Doctor SpinTrendsOnline TrendsThe Hippie Web is Dead (2005-2015)

The Hippie Web is Dead (2005-2015)

Let's never forget about human beings connecting. Or Jaiku.

In 2008, I described the social web as the Hippie Web.

Calling the period the Hippie web—most people thought that was funny. Especially those who believed some of us evangelists were a little bit too … enthusiastic.

But what can I say?
We were hippies. Social media hippies.

In Sweden, we even had our version of Woodstock in 2009—Sweden Social Media Web Camp.

But what began for us in Jaiku must come to an end:

Table of Contents

    A Groovy Gang

    The last couple of years have been interesting, to say the least.

    “Wow, we can connect on a digital level; that’s rad, man!”

    “Everything is open to everyone at any time—welcome to Nirvana, dude!”

    “You must open up your chakras… sorry, I meant to activate your social graphs!”

    “I accept all friend requests, and you should, too. All you need is love!”

    “You just got retweeted. It’s the universe paying it forward. Savour it.”

    “Don’t say IRL because which reality is more real? It’s that question that drives us.”

    “I have thousands of followers. I wouldn’t call myself Jesus or anything, but I guess he had like twelve, right?”

    “Yes, we have unconference, and everyone is welcome. Word to wise — don’t use your AFK name.”

    “Where’s your scarf? No disrespect, but you look corporate.”

    “I met a ‘traditional company’ yesterday. My gosh. They have no idea what’s going on.”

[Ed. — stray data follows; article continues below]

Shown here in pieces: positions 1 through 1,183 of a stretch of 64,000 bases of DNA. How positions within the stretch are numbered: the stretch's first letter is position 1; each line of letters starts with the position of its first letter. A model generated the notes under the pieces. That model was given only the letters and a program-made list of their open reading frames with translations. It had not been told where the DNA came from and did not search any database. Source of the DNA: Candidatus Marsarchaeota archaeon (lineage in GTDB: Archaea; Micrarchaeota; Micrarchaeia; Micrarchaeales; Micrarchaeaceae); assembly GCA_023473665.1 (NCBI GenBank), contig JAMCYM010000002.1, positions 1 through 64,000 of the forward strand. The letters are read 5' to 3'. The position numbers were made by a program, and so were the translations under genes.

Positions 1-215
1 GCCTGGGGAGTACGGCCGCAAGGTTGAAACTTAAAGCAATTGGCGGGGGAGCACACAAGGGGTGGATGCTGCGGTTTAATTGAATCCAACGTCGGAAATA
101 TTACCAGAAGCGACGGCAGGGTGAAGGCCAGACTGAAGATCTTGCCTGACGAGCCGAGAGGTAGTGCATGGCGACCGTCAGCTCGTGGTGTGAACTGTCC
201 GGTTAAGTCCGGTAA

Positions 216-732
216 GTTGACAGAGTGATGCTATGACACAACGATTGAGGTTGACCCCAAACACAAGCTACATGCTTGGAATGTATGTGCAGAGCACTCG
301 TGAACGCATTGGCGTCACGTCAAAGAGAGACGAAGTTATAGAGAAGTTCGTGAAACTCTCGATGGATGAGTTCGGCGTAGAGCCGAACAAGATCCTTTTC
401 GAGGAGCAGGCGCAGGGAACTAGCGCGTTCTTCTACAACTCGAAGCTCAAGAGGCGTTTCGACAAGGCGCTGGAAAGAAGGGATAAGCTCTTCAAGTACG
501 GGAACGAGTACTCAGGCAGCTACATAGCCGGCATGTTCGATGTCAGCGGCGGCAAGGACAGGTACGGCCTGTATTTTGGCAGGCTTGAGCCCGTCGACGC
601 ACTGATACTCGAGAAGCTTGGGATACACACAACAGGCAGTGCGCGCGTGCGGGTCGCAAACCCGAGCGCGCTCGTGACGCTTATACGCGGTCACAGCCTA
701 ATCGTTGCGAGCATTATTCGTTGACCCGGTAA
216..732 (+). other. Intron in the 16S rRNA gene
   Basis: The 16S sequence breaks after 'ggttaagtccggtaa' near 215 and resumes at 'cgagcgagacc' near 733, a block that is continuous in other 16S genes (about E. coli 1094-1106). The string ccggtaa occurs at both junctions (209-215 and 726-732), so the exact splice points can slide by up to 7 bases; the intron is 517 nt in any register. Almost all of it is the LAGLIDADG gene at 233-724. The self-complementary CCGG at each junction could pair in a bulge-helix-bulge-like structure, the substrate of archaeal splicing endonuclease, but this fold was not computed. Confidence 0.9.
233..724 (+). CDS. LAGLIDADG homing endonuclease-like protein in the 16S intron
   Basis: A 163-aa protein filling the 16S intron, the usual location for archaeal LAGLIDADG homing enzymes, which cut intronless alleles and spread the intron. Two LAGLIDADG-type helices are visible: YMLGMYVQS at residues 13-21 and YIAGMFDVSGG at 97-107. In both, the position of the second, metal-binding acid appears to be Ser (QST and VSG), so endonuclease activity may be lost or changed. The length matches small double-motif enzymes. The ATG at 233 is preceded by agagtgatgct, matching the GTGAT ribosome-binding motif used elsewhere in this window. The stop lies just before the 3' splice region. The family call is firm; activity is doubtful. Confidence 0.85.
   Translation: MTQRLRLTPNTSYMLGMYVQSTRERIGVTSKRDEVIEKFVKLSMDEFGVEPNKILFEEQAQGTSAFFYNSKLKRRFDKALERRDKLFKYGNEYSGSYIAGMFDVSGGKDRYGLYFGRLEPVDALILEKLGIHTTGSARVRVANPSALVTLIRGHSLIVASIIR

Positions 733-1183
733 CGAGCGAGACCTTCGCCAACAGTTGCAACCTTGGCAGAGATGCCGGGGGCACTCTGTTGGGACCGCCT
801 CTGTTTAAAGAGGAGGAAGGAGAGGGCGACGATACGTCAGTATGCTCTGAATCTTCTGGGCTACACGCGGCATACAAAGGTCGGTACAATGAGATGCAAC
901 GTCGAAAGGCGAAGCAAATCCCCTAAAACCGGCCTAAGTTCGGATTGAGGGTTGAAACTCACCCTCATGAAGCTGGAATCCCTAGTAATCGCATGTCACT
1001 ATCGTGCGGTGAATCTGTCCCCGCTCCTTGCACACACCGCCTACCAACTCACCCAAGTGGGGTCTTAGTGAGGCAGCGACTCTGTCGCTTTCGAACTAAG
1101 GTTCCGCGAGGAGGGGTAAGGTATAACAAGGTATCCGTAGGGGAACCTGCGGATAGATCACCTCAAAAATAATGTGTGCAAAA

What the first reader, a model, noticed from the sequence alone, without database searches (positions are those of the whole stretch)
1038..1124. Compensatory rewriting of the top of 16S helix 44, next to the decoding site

Maybe there’s a time for everything.
    And maybe the time for the Hippie Web is over.

    Declaring the Hippie Web Dead

    (Almost) everyone who started a blog on a whim has given up on their attempt at blogging long ago. Only a few still blogs—for whatever reason.

    In the wake of the hippie web, no one cares about how many followers you have on Twitter or what your Klout score is supposed to be.

    The Cluetrain Manifesto is about to be forgotten, also.

    One World One Web
    Credit to Paul Downey for this beautiful illustration.

    No one will miss this psychedelic wonderland brimming with naivete and social media optimism—except for us hippies, of course.

    The social media influencers, the glossy fashionistas with their daily outfits and their parties and VIP invitations, are already negotiating with their agents regarding their next brand collaboration.

    The new generation of social media influencers will probably be searching for fame and fortune over altruistic ventures. Ad revenues, giveaways, corporate freebies, brand deals, and collaborations. Fair game.

    Love and Humans Connecting

    The irony of it all is that I feel no bitterness, no resentment. It had to end eventually. I will miss some aspects of the hippie web deeply. Other aspects? Not so much. And frankly, I strongly suggest we all move on.

    As we, “the hippie web experts”, the social media naturals, move on from singing Kumbaya on our unconferences to more serious activities like new ventures, new digital professions, and new technologies, just let me say this in honour of this bygone era:

    Let’s never forget that the bottom line of social media is all about one thing—human beings connecting.

    And Jaiku, of course.
    Let’s not forget about Jaiku.

    Peace out!

    Cover photo by Jerry Silfwer (Prints/Instagram)


    Jerry Silfwer
    Jerry Silfwer
    Jerry Silfwer, aka Doctor Spin, is an awarded senior adviser specialising in public relations and digital strategy. Currently CEO at KIX Index and Spin Factory. Before that, he worked at Kaufmann, Whispr Group, Springtime PR, and Spotlight PR. Based in Stockholm, Sweden.
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